God as a Programmer

There is a Greek philosophical argument (for which I cannot find a reference) that one cannot prove that reality for human observers was created in this current instant. In that scenario, all our memories and all of history is nothing but information that a clever creator planted in our brains. Nothing existed prior to THIS instant, click. Of course, René Descartes in 1637 posited, “Cogito, ergo sum” (I think, therefore I am) and one would think this ended all forms of ontological speculation. It didn’t.

In 2003, Oxford philosopher, Nick Bostrom, proposed the “simulation argument” which was recently discussed in Neil deGrasse Tyson’s podcast, Star Talk.  “Bostrom imagined a technologically adept civilization that possesses immense computing power and needs a fraction of that power to simulate new realities with conscious beings in them. Given this scenario, his simulation argument showed that at least one proposition in the following trilemma must be true: First, humans almost always go extinct before reaching the simulation-savvy stage. Second, even if humans make it to that stage, they are unlikely to be interested in simulating their own ancestral past. And third, the probability that we are living in a simulation is close to one.[1]” That is 100% – cheery thought.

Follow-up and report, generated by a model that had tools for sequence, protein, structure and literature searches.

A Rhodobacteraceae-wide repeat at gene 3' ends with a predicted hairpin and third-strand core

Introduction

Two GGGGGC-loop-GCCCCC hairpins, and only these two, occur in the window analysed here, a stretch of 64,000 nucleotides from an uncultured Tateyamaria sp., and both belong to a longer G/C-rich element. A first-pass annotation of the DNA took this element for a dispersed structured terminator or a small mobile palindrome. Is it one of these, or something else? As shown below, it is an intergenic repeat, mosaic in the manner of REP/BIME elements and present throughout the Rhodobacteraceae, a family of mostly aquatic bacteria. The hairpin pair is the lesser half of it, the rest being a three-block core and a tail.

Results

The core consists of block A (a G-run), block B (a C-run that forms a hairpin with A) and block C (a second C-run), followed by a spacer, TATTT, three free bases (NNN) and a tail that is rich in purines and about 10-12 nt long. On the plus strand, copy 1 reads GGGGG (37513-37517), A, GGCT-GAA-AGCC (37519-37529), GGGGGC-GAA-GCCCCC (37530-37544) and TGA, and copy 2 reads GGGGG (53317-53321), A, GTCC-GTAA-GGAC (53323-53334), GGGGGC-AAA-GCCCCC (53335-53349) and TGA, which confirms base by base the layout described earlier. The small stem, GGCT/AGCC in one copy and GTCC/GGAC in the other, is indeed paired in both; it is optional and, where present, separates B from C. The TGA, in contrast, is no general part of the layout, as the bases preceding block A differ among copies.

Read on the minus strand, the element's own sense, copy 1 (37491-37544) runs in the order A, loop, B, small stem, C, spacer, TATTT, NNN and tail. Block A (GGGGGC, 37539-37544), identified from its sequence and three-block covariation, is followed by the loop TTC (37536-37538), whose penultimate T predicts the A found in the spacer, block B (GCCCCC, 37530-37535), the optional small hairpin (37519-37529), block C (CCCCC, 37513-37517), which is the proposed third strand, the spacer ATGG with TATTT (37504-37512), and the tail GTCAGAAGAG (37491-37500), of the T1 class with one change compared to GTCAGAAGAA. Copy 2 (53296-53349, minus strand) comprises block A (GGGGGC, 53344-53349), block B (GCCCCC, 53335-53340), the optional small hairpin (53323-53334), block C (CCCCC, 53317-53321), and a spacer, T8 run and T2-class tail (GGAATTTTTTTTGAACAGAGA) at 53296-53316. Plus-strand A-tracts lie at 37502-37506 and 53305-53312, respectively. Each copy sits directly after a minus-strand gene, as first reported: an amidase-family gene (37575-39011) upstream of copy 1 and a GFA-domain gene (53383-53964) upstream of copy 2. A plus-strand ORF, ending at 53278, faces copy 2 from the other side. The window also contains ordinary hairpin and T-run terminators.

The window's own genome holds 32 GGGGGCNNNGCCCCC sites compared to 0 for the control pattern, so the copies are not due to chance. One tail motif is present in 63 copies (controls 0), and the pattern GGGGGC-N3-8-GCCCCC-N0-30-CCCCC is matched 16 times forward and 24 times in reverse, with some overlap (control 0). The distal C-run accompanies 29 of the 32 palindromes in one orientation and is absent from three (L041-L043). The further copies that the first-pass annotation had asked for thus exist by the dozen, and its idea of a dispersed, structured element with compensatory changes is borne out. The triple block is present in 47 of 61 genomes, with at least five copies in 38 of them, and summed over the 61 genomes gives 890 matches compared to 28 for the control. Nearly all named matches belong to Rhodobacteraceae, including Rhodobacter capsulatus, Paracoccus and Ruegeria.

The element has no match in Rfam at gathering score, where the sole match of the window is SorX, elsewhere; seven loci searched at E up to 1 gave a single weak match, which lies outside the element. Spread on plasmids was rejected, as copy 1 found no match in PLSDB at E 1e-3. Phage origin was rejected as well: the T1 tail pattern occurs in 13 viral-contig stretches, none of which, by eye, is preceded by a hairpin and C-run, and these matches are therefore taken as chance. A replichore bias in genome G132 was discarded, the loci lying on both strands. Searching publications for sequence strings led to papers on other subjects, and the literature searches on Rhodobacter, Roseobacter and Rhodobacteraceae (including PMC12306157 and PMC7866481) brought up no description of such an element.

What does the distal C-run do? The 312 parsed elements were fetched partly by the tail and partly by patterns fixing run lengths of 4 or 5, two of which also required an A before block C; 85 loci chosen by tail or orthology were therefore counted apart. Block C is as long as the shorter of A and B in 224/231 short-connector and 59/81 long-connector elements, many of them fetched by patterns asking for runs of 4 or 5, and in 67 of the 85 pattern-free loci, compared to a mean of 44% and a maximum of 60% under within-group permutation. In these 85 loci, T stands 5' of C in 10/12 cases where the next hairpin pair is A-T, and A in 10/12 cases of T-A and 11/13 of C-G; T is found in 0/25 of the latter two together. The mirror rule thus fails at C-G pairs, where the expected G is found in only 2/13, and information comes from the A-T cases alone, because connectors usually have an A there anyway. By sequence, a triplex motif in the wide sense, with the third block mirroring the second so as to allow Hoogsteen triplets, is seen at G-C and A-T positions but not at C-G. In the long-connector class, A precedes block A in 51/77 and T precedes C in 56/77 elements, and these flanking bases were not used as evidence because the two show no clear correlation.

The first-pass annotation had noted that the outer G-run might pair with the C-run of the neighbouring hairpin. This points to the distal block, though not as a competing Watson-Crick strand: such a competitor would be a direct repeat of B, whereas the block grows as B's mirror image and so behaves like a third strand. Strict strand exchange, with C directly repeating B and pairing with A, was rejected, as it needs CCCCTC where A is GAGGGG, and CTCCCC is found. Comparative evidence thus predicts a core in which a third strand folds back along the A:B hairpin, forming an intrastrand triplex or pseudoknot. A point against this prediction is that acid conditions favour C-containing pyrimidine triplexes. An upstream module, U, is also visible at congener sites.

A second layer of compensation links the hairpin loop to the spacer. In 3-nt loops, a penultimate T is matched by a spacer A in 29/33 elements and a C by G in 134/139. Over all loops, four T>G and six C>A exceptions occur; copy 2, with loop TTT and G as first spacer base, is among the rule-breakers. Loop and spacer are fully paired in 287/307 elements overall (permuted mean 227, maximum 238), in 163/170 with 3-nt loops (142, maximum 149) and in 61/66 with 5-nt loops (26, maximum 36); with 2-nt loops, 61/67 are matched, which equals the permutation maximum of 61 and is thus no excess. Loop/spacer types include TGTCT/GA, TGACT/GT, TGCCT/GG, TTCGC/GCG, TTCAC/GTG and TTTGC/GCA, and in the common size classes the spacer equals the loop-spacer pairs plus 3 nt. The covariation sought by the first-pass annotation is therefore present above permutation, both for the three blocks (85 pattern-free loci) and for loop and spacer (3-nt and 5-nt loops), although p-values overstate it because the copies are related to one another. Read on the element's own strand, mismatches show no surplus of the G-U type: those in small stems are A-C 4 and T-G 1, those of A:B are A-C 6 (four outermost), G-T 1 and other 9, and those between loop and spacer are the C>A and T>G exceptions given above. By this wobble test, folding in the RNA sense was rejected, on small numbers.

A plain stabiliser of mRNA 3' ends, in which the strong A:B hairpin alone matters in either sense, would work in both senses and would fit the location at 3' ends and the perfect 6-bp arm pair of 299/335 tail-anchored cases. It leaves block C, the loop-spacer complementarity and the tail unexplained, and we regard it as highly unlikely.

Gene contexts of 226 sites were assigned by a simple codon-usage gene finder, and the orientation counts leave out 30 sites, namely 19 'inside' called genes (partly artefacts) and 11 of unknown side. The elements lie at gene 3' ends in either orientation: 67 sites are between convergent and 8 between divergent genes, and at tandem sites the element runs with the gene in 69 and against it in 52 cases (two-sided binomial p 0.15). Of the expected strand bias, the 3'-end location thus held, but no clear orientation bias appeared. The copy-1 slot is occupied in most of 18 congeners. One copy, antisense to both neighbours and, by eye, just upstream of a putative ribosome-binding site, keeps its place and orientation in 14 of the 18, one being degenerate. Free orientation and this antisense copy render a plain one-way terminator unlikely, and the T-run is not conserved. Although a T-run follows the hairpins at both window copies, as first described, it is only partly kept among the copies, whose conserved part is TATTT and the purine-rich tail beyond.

The movie The Matrix popularized this idea. The Star Trek “holodeck” touched on it. Even Elon Musk stated that the likelihood we live in “base reality” is “one in billions.” Other scientists have taken logical and statistical approaches to the problem to show that the likelihood of our “reality” being a simulation is about 50-50. Going beyond these philosophical and mathematical speculations with Quantum Mechanics and thinking about how quantum computing could do the simulations gets us in the weeds very quickly. One key concern is whether the simulator (the being doing the simulation) has infinite or finite computing power. (cf. Christian doctrine of God’s omnipotence)

Or we could retreat to theologian William of Ockham’s early 14th century dictum referred to as “Occam’s razor.” “All things being equal, the simplest explanation is most likely to be correct.” Maybe we live in base reality after all.

[1] https://www.scientificamerican.com/article/do-we-live-in-a-simulation-chances-are-about-50-50/

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